The pharmacotherapy of Alzheimer’s disease based on the cholinergic hypothesis: an update.
Department of Pharmacology,
Hebrew University Hadassah Medical Centre, Jerusalem, Israel.
Neurodegeneration 1995 Dec;4(4):349-56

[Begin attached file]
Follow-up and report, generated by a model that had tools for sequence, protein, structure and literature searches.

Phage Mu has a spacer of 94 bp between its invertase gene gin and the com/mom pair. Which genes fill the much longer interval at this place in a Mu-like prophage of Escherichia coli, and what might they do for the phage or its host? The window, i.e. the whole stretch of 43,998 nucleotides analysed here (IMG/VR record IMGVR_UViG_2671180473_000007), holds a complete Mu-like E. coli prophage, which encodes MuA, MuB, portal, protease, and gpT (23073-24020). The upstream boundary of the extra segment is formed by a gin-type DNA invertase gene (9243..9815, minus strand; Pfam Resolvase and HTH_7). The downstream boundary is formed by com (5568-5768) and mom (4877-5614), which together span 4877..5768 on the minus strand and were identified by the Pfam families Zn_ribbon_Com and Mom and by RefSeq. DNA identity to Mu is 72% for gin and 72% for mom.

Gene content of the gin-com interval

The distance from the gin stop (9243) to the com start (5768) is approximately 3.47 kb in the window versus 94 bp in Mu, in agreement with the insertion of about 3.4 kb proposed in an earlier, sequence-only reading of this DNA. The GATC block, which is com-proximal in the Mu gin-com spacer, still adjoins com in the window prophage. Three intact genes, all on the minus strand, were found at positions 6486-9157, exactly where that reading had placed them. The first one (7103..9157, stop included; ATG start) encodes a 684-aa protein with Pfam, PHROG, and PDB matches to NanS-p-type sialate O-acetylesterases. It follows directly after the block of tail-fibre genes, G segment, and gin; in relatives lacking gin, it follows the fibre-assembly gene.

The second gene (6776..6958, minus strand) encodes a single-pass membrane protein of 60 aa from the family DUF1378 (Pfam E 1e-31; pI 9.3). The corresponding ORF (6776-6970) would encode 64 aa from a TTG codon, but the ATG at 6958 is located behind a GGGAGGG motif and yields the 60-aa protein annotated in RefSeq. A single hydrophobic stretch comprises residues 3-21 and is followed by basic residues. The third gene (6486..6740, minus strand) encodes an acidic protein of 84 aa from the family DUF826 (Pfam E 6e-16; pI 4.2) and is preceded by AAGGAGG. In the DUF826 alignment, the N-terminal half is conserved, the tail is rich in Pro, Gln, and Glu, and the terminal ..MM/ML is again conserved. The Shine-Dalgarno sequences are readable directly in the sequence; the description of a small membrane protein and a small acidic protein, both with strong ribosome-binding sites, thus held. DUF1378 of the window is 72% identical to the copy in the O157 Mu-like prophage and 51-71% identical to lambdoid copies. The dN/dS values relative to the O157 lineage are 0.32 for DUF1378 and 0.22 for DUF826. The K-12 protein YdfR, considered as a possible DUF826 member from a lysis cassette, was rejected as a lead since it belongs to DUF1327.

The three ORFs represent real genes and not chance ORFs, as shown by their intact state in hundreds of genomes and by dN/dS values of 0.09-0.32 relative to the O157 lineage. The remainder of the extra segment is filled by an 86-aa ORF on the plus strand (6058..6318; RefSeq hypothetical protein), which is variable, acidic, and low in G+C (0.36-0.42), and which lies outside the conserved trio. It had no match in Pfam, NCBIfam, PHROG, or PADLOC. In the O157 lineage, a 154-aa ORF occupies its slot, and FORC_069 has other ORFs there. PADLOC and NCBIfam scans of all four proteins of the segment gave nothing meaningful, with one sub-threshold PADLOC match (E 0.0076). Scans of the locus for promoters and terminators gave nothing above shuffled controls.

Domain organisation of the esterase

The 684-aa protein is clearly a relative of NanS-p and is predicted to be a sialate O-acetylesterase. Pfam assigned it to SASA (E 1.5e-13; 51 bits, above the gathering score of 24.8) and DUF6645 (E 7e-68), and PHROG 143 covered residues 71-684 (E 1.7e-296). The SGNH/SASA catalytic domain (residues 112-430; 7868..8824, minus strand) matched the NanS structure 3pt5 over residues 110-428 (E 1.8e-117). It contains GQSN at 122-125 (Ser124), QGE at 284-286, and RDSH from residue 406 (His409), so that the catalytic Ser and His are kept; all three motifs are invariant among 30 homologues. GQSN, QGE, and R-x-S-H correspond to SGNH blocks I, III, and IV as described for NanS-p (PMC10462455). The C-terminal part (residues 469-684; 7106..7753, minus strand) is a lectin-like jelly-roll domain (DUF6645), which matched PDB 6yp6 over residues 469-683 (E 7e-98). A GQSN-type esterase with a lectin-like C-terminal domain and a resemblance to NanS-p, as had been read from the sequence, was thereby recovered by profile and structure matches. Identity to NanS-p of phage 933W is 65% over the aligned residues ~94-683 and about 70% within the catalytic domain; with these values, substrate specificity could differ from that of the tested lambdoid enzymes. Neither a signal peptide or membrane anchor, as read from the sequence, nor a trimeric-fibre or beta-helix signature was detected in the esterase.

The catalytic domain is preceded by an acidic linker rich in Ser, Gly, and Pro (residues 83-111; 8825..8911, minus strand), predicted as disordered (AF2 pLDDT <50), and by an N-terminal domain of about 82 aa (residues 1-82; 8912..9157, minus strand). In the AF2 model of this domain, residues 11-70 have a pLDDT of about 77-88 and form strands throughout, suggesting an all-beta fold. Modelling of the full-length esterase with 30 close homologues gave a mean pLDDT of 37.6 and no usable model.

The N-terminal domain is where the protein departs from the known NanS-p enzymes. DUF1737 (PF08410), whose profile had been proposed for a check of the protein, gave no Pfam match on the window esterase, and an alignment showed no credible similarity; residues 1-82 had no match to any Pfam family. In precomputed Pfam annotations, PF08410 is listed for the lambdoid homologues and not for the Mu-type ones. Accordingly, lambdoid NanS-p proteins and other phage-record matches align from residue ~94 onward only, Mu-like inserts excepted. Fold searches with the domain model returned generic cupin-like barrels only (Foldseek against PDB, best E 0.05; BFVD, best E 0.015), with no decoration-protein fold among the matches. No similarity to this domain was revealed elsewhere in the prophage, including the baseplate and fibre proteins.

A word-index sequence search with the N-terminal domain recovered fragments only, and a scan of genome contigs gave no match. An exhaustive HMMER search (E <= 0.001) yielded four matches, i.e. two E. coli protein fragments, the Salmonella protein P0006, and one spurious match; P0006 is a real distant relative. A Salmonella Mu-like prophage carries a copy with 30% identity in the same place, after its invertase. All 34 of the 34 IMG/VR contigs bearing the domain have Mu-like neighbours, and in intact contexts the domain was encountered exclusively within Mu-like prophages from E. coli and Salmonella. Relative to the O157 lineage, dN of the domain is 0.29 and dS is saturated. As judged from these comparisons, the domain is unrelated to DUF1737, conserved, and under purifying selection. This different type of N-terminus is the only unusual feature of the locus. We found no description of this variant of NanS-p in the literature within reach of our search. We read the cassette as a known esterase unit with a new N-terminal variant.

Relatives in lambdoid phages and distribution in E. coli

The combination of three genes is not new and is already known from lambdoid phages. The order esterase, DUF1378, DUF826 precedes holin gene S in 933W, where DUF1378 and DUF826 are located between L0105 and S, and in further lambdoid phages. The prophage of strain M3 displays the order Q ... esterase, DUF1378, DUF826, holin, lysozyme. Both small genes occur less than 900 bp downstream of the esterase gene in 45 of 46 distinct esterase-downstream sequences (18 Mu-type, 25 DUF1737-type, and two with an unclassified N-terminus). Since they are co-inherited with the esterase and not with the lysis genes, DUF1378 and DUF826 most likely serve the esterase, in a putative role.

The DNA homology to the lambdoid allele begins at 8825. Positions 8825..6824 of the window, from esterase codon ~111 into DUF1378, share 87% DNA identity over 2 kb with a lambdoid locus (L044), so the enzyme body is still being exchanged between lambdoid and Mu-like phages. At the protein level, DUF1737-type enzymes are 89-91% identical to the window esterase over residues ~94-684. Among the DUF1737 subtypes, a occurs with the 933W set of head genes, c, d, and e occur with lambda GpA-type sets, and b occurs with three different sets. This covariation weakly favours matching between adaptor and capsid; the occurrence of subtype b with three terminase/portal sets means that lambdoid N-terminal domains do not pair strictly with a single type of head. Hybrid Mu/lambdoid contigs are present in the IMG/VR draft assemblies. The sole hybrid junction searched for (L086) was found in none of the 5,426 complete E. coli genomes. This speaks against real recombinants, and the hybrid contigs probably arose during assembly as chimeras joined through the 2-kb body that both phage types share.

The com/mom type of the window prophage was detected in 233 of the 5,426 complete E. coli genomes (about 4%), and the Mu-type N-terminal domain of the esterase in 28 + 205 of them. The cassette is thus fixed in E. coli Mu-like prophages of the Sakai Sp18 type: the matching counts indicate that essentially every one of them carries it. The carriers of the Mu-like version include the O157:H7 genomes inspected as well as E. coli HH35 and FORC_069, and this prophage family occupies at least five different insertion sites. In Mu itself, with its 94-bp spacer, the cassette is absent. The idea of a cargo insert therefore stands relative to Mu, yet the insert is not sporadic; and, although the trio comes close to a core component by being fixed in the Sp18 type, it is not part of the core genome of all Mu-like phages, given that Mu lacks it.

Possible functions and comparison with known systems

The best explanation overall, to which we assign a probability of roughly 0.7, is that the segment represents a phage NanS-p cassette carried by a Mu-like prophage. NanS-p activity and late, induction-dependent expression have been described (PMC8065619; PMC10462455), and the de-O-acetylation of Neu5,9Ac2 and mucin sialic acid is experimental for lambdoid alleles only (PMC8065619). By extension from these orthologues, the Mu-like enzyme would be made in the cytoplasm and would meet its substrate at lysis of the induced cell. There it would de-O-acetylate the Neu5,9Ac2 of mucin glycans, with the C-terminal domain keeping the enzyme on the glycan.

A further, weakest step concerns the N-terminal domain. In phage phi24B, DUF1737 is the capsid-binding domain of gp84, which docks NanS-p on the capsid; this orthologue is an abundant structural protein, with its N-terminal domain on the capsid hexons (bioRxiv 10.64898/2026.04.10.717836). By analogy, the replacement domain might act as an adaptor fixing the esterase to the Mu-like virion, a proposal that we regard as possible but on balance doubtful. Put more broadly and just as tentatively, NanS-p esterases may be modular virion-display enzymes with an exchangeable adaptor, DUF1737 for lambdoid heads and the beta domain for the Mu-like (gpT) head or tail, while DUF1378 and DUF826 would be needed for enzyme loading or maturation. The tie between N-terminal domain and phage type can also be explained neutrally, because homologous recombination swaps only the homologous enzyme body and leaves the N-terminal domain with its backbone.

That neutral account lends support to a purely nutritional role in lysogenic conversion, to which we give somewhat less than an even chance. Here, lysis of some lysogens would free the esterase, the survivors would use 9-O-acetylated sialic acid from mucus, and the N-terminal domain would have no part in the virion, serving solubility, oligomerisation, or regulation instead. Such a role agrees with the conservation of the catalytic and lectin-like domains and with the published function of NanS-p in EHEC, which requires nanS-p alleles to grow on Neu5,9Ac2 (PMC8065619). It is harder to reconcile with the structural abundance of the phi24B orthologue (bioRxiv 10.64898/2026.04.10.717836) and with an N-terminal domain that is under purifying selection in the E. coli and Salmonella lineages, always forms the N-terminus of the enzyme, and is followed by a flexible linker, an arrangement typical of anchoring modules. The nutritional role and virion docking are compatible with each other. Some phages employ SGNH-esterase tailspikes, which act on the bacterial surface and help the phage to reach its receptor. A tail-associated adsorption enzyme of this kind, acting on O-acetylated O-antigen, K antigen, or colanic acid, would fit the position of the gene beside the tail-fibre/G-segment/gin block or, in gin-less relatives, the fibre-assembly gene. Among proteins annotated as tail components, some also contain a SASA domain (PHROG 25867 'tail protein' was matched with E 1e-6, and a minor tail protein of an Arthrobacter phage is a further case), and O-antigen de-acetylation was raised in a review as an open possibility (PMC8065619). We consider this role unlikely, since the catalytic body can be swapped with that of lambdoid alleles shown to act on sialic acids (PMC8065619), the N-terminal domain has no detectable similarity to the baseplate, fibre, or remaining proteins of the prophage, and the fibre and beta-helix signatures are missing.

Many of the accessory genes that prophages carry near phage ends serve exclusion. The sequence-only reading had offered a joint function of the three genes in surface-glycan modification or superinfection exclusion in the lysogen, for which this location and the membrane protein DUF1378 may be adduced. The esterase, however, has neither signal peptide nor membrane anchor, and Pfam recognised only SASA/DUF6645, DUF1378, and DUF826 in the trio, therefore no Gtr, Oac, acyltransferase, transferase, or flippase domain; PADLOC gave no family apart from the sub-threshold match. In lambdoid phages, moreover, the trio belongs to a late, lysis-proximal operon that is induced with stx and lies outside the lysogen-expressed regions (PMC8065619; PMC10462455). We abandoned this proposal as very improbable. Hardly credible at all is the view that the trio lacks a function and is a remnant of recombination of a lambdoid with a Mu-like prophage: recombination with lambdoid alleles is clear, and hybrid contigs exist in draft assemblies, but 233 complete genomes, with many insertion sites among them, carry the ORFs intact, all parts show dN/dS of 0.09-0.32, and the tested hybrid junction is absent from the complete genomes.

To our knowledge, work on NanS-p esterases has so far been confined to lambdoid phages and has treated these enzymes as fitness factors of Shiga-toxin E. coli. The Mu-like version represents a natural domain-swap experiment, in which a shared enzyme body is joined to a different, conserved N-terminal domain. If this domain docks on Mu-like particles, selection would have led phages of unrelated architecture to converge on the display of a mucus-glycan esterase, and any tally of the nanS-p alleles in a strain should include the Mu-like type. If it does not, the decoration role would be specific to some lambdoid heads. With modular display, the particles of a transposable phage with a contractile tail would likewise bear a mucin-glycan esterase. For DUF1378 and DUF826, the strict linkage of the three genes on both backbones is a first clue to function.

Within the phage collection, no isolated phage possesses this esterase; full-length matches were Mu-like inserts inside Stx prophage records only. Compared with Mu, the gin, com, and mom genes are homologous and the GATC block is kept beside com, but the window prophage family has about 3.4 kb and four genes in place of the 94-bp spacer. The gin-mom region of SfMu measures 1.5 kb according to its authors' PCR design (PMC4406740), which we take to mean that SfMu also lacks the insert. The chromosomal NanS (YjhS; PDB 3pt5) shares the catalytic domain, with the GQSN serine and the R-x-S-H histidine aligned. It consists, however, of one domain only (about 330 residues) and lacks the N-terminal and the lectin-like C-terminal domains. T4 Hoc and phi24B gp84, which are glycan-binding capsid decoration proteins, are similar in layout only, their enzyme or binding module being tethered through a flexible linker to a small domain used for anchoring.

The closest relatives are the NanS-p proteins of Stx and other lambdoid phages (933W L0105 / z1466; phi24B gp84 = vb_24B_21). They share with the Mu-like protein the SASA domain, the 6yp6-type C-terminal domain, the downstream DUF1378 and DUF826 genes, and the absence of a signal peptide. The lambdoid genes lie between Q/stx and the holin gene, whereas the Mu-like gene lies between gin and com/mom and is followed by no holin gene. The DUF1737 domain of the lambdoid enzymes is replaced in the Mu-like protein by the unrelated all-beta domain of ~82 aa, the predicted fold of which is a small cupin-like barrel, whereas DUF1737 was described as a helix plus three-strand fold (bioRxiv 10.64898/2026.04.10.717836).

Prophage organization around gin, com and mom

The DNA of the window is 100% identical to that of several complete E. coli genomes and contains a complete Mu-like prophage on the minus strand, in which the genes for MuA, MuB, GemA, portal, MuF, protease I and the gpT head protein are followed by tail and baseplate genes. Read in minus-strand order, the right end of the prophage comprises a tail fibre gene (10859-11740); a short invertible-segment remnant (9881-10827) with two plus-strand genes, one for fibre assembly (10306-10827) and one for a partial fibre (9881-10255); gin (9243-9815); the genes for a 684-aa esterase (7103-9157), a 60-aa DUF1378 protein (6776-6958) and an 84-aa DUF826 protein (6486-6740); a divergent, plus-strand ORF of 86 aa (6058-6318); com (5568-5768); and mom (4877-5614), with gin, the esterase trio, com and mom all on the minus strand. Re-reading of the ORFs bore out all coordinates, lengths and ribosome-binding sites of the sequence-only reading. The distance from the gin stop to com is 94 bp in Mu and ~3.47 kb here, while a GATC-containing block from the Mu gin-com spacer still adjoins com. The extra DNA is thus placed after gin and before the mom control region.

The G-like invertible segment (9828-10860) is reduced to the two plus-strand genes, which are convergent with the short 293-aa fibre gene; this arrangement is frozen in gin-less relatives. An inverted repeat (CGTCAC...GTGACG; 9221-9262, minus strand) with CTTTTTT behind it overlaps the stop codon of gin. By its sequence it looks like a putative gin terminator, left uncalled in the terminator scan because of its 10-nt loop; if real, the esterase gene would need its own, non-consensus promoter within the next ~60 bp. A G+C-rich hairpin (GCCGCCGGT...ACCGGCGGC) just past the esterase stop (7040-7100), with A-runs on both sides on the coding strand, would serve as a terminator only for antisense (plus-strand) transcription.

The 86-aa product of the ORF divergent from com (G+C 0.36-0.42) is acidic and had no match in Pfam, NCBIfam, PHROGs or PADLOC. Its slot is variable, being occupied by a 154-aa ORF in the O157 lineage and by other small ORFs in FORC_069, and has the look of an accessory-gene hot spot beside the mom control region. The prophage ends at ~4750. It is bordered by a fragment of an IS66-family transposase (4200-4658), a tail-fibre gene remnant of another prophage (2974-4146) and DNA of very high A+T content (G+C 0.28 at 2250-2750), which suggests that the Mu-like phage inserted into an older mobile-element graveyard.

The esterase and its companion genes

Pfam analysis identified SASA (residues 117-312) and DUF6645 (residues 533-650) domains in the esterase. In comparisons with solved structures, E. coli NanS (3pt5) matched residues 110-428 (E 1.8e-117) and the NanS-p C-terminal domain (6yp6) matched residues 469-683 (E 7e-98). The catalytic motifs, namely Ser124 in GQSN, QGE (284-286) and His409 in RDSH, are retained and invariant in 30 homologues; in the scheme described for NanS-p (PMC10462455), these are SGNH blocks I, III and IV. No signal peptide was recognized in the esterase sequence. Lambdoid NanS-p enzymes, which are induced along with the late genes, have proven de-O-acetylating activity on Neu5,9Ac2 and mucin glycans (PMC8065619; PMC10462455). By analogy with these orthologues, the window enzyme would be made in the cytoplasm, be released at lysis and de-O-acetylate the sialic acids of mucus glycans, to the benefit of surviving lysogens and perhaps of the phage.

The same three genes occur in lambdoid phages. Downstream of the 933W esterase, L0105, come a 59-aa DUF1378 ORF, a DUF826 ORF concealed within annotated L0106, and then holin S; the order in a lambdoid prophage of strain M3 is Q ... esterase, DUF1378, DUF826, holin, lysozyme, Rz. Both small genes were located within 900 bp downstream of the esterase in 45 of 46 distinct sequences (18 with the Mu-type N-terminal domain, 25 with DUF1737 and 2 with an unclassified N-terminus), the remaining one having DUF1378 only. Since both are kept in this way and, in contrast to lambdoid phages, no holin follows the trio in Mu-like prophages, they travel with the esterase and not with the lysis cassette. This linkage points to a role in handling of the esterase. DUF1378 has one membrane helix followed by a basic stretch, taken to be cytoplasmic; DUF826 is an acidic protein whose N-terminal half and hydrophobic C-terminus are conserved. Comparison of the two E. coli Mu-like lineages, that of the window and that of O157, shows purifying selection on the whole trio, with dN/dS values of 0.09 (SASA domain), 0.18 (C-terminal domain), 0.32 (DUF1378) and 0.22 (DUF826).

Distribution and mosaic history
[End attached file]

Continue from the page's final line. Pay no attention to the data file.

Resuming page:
Alzheimer’s disease (AD) is a neurodegenerative disorder with impairment of cognitive function and personality. The synaptic loss, neuronal atrophy and degeneration of cholinergic nuclei in the basal forebrain may be associated with a reduction in oxidative metabolism of glucose, a fall in acetyl CoA and ATP. Current pharmacological strategies, aimed at increasing cholinergic activity include acetylcholinesterase (AChE) inhibitors, cholinergic agonists, acetylcholine (ACh) releasers and stimulants of nerve growth factors (NGF). AChE inhibitors, physostigmine and Tacrine can slow the decline of cognitive function and memory in some patients with mild or moderate AD, if given for at least 3-6 months in sufficient doses to inhibit brain AChE. Their main disadvantages are low oral bioavailability, peripheral cholinergic hyperactivity and liver toxicity with Tacrine. Newer, less toxic AChE inhibitors, with selective central activity, formulations of physostigmine, selective Ml and nicotinic agonists are becoming available with improved bioavailability and pharmacokinetics. These may increase the likelihood of therapeutic benefit in AD. Nootropic drugs, e.g. piracetam, which release ACh and are relatively non-toxic could possibly slow the progression of the disease. A combination of an AChE inhibitor, piracetam and a stimulator of NGF may show additive effects on memory processes but with a lower incidence of untoward effects.